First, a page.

For Gracie’s 19th birthday we surprised her with a trip down to Virginia to meet her favorite author. We arrived an hour before the “meet and greet” and book signing so that the girls could get a seat up close to Kiera Cass. I hung out in the back of the crowd so I could take photos of Gracie’s special experience. As we waited for Kiera Cass to arrive I found myself browsing the shelves to my right. I was surrounded by crowds and didn’t want to lose my prime picture taking spot so I killed time by perusing the self help titles.
I found myself drawn to a particular title:
I picked it up and began reading. By the time Kiera Cass walked into the room I was well into chapter 3. I had never read a secular book that spoke to my soul quite like this one. At the end of the evening I purchased a copy and was up half the night reading it. I couldn’t put it down. It was as if the author had a window into my soul and saw my greatest fears, anxieties and compulsions. She was a fellow perfectionist. And the truth she spoke awakened something within me, inviting me to engage in the hard task of self-assessment. It challenged my way of thinking, made me see the root of my weariness, and invited me to consider a different approach.
I finished the book in a day and was hungry for more of her teachings. I sought out quotes, YouTube videos and interviews, and it was during this search that I stumbled across her OWN Lifeclass. I signed up, eager to dig deeper into the heart of my perfectionism and people pleasing tendencies.
I have a daughter that is much like me. Miss Molly also is burdened by the need to please others and driven by the same miss guided lie that perfection brings peace.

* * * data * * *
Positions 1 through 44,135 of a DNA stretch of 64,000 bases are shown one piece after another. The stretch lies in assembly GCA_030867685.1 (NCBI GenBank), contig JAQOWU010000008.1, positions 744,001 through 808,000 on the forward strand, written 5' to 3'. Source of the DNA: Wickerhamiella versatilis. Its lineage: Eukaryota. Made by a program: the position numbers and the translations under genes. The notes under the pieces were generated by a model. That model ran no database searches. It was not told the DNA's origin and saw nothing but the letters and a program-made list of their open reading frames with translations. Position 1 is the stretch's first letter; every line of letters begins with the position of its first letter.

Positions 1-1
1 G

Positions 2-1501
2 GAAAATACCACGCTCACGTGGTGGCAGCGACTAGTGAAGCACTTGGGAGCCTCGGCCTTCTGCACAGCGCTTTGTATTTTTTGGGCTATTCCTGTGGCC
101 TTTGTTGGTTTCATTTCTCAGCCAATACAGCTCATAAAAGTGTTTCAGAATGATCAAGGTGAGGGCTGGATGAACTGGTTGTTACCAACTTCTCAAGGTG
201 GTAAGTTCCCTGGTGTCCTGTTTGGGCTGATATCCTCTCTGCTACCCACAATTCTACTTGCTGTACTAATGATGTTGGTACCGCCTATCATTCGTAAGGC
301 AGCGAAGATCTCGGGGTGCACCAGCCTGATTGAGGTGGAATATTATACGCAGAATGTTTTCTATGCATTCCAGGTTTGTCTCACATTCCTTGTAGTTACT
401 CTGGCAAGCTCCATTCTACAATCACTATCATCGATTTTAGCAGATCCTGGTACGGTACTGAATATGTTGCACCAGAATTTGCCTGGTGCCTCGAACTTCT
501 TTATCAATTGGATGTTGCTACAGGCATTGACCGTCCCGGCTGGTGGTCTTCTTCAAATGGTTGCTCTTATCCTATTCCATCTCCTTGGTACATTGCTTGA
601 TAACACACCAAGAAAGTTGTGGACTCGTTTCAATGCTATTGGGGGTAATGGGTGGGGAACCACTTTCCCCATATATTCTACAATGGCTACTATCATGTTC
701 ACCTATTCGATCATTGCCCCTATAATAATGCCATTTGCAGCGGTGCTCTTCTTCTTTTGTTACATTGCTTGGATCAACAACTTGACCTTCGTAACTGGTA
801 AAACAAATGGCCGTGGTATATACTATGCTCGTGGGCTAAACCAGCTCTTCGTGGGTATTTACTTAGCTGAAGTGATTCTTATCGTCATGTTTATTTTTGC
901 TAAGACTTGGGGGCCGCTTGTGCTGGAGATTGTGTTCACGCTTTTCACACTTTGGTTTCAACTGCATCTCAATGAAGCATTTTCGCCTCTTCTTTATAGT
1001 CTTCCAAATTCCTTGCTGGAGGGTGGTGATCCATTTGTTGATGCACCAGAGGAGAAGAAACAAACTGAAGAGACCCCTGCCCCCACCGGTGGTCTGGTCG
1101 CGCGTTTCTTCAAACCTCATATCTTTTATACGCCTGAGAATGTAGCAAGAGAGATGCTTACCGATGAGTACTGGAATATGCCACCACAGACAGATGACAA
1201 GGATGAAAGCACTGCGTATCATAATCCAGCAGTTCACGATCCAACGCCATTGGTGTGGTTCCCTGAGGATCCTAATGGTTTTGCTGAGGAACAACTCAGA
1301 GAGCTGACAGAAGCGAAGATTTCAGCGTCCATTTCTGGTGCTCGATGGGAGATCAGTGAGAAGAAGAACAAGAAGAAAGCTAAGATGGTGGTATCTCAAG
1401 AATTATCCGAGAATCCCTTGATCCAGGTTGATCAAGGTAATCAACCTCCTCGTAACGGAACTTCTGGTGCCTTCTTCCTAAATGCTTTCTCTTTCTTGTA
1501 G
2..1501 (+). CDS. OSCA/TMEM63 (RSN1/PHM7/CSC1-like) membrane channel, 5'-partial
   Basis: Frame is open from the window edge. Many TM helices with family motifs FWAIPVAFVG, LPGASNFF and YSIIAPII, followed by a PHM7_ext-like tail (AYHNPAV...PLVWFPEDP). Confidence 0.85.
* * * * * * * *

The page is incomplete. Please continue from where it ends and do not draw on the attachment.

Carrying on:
I invited her to embark on a journey of self discovery with me. I bought her a copy of the book, because it is not one you want to share. This is one of those books you mark up with highlighted quotes and notes in the margin.
Two months ago we began the online class together.
“Have you ever thought, “What will people think?” or “I am not good enough,”? New York Times best-selling author and research professor, Dr. Brené Brown will take you through her Guideposts for Wholehearted Living—and leave you feeling more connected and passionate about life. Brené will guide you step-by-step on a joyful, courage-building journey unlike any other. It’s heartwork through artwork.”
Every week, for Molly’s one-on-one time, we pull up our lesson and dive into our self-awareness journey through a series of creative, artistic, “heartwork” projects.
This past week we explored what drives our need for other’s approval. Our creative assignment was to find a photo of ourselves from a time in our life when our choices weren’t driven by the need for approval from others…when we were authentically ourselves.
I found the assignment challenging. For as long as I can remember I have been driven by the fear that if I’m not good enough, smart enough, talented enough, diligent enough, the world will come crashing down. My life is driven by the concern for other’s assessment of me, rather than my desires for my life. It is painfully uncomfortable to be that emotionally naked in front of you all, but that is the truth. My self worth is rooted in my dependability and reliability. My choices are driven by fear and guilt. My worthiness for love is firmly rooted in my ability to “do” rather than simply “be.” I can’t remember the last time I made a decision based solely on my desire to do something.
This is the photo I found to represent my authentic self. Even at this age I still struggled with perfectionism and people pleasing, but it hadn’t fully taken root and there was still a silliness, lightness, and freedom to be myself.
Molly chose this photo:
Which is so perfectly Molly, circa 2006!
Our weekly date is the highlight of my week. I have been powerfully affected by this journey of self awareness, as I have looked the lies that drive my life choices, and challenged them. It has been an uncomfortable journey, as I have shed layer after layer of self protection and have consciously chosen to lean into the discomfort, rather than run from it or numb it.
It has been a joy to share this journey with Molly, as we have embarked on this “heartwork” together. It had drawn us closer and connected us in the way only a shared struggle can.
It has been a joyful journey of growth. How grateful I am for God turning my face to that simple book tucked within the self-help shelves of Barnes and Noble.